Don’t do this on consultation calls.

I talked about what to do once a client says they want to work with you—but a whole lot happens before then. Oftentimes, the interaction starts with a complimentary consultation call or, as I like to call it, a free chat. Even though it’s free, you can make it super-valuable for your potential client and for yourself, but first…

Why consultation calls should be free

I don’t care if you call it a free consultation, a complimentary 30-minute call or a discovery session—but I think it should be free of charge as long as it’s around 30 minutes. Just two people getting to know each other and talking about a project. No charge. No obligation. I know some people charge for it, but I find making it free is a good way to learn about the types of people who are interested in working in you. In the corporate world, you go on job interviews—and the more you do, the better you get. The same thing goes with chatting about new projects. I try to do at least 5 per month. (At least one or two usually turn into projects.)

Info I gather in advance

To make the call more efficient, I use my contact form to qualify prospects and get a little bit of info about their needs. A good contact form can also weed out people who aren’t a good fit—first, by eliminating the people who don’t want to take a few minutes to fill it out, and second, to get some preliminary info about the project’s viability. (Depending where you’re at in your career, you might decide against a consult after receiving the person’s form.)

What to say on the call

It’s your job to lead the call. Be confident! Get the information you need to make this call valuable for everyone involved. I remember reading about a designer who would wear snazzy high heels on her consultation calls because it made her feel empowered.

I like people to tell me in their own words what problems they’re facing and what they need help with. Basically I say, “Tell me about your business and your project.” From there, a lot of the call is just me listening. If it sounds like a fit, towards the end, I’ll tell them about how I can help and what the process would look like. Make sure to discuss:

  1. Timeframe. When do they need the project completed by? Find out. If their deadline doesn’t work for you—tell them. Be prepared to explain how long the process normally takes you and the steps involved.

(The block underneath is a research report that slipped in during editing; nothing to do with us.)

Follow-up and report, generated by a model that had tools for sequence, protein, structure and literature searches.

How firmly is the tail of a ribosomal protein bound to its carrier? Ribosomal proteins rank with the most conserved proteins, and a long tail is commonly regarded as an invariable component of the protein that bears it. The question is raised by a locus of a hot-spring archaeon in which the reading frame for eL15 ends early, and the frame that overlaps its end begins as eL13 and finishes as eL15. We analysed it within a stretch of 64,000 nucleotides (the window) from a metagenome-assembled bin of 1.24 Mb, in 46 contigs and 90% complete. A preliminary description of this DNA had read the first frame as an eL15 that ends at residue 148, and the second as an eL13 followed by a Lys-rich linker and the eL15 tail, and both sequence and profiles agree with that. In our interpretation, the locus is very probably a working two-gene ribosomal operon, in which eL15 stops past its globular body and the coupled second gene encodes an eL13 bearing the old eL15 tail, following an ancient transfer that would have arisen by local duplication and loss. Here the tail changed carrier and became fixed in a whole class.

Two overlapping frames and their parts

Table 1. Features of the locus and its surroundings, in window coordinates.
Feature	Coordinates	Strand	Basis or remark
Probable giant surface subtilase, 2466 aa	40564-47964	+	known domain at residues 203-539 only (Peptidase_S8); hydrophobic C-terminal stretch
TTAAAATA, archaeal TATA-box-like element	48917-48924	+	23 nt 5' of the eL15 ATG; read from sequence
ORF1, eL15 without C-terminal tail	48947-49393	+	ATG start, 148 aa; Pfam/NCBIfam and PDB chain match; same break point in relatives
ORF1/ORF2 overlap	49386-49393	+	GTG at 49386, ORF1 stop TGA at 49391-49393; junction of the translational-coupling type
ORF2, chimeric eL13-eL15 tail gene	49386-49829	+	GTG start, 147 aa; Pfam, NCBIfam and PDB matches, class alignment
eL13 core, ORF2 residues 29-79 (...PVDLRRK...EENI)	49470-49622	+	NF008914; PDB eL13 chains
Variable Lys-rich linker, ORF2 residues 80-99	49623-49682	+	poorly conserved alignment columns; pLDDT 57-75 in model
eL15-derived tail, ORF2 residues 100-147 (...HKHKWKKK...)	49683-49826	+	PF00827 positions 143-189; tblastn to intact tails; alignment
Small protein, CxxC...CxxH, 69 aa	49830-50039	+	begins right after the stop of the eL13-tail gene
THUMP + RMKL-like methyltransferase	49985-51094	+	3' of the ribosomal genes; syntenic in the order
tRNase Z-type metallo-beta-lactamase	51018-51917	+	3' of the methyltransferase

2. Budget. You can’t have a free chat and not talk about money! And since you’re facilitating the call, you’ll have to bring it up. Find a way that works well for you. You can ask what their budget is (except they usually don’t know the answer). You can say, “Is your budget $1,000, $5,000 or $20,000?”—which will usually elicit a response—or you can use my favorite approach and say, “Have you had a chance to look at my packages?” Since my pricing is right on my website, it makes everything transparent.
  3. Talking to other people? Find out where they are in the decision making process. Are they just gathering information or getting ready to decide? You can even ask: Are you talking to other people? If they provide names, you’ll know who your competitors are!
  4. Anything else? I always ask, “Is there anything we haven’t discussed? Do you have any questions?”

Don’t do this on a consultation call

The free chat is all about gaining an understanding of the project to see if there’s a match—but you’re not giving them ideas at this point. You might share a creative suggestion or two, but you’re absolutely not starting to work on the project in any way. You’re figuring out what the problem is—not starting to fix the problem. You want a clear understanding of what they need. That’s it. We don’t start working until we get a deposit! Got it?

Tell me about your free (or paid) consultation: What information do you gather?

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4 thoughts on “Don’t do this on consultation calls.

  1. Excellent article Jill! On consults my biggest fumble usually would be the asking about budget part, but I like how you worded it to ask them if they have seen the prices on the site yet. That’s a good way to handle it. And absolutely agree in regards to NOT giving them any form of workable details on the project at hand prior to them paying something down, because chances are they will never actually hire you!

  2. Hi Jill, I agree that the initial consultation should be free and also to focus on the business needs before the technical solution. I use the client feedback from the consultation for my proposals and find I can close much easier if the prospect helped me create the solution.

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